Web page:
Finally, I must discuss the subscripts. The rectangle off-diagonal representation I just mentioned has a nonzero charge $Y$, the other one has the same value with the opposite sign. All other representations obviously have to have a vanishing charge under $U(1)$ because those three terms, $(8,1)$, $(1,3)$, and $(1,1)$ are nothing else than the adjoint representation of the Standard Model group and all of this group's generators commute with the $U(1)$, the hypercharge.

So the only number left to explain is the $5/6$ charge for the rectangular representation, and $-5/6$ for the complex conjugate one on the opposite side of the square. The normalization of this charge is a convention. You may rescale the hypercharge to suit your conventions. However, the ratios of the hypercharges are physical. And the hypercharge has to be a multiple of ${\rm diag}(+2,+2,+2,-3,-3)$ because it has to commute with all the matrices of $SU(3)$ and $SU(2)$ in the blocks, so in the blocks, it must be a multiple of the unit matrix, and the hypercharge must be traceless to be a generator of $SU(5)$, as I mentioned, and $2\times 3 - 3\times 2$ really cancels.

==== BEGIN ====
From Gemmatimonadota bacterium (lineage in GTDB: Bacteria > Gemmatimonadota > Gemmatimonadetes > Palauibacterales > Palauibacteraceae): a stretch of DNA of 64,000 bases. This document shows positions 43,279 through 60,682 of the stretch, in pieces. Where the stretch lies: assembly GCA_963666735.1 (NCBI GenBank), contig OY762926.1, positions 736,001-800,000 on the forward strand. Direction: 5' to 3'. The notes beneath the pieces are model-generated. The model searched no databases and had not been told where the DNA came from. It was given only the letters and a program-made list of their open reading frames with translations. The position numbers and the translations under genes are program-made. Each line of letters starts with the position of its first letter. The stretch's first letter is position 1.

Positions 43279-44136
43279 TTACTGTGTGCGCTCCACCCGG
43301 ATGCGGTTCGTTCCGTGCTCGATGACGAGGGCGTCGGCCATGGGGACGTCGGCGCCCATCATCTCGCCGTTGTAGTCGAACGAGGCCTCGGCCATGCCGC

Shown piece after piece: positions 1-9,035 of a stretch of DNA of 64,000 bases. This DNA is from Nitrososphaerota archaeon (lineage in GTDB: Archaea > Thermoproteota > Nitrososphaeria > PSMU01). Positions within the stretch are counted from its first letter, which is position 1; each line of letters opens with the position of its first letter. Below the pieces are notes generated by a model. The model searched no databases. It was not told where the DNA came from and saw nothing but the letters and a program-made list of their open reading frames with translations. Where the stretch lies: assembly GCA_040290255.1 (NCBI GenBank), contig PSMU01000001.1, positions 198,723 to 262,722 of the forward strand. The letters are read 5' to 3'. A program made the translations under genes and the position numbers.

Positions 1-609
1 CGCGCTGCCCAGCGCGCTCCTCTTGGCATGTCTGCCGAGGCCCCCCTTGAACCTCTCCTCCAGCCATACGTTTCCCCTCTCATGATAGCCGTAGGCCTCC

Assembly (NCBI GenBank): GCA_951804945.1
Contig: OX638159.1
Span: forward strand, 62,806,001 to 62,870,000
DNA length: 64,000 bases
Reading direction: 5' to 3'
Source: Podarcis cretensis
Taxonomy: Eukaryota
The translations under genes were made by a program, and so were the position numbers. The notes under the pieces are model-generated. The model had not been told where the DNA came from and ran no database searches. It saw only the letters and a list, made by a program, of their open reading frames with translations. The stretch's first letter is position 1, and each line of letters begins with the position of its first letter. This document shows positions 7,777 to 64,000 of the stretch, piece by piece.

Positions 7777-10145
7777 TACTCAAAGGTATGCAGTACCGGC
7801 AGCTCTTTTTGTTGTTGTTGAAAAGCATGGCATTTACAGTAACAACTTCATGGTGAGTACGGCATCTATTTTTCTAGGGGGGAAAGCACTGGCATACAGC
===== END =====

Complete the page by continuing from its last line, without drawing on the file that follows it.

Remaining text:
The normalization of this $U(1)$ hypercharge generator in physics is chosen in such a way that it agrees with the conventions adopted in electroweak physics. The hypercharge $Y$ is defined as the average electric charge in an $SU(2)$ electroweak multiplet so that $Q=Y+T_3$. Sometimes, the definition $Q=Y/2+T_3$ is used.

In GUT theories, the off-diagonal blocks of the adjoint become hugely massive particles because of some GUT symmetry breaking. These $(3,2)$ states cause proton decay so they better be very heavy. We can't compare them with any known particles.

However, you may take a $5$ of $SU(5)$, the fundamental representation, which should produce the quark fields which are electroweak singlet: note that this $5$ only has components that transform either under $SU(3)$ or $SU(2)$. So it's a right-handed up quark, for example. Its hypercharge is the average of the mutliplet but because it's the anti-down-quark only, actually, you get $Y=1/3$. Similarly, the remaining two components are an electroweak doublet, like the electron and neutrino, whose $Y=((-1)+0)/2=-1/2$.

The states $(3,2)$ in the decomposed $SU(5)$ adjoint come from $5\otimes \bar 5$ and the off-diagonal pieces arise from $3\otimes \bar 2$ so the $Y$ of the first should be added to $-Y$ of the second factor and you get $Y=-1/3-1/2=-5/6$. Note that the convention $Q=Y+T_3$ without the factor of $1/2$ was used. Getting the signs and factors of $2$ right may be messy but I hope it's essentially right.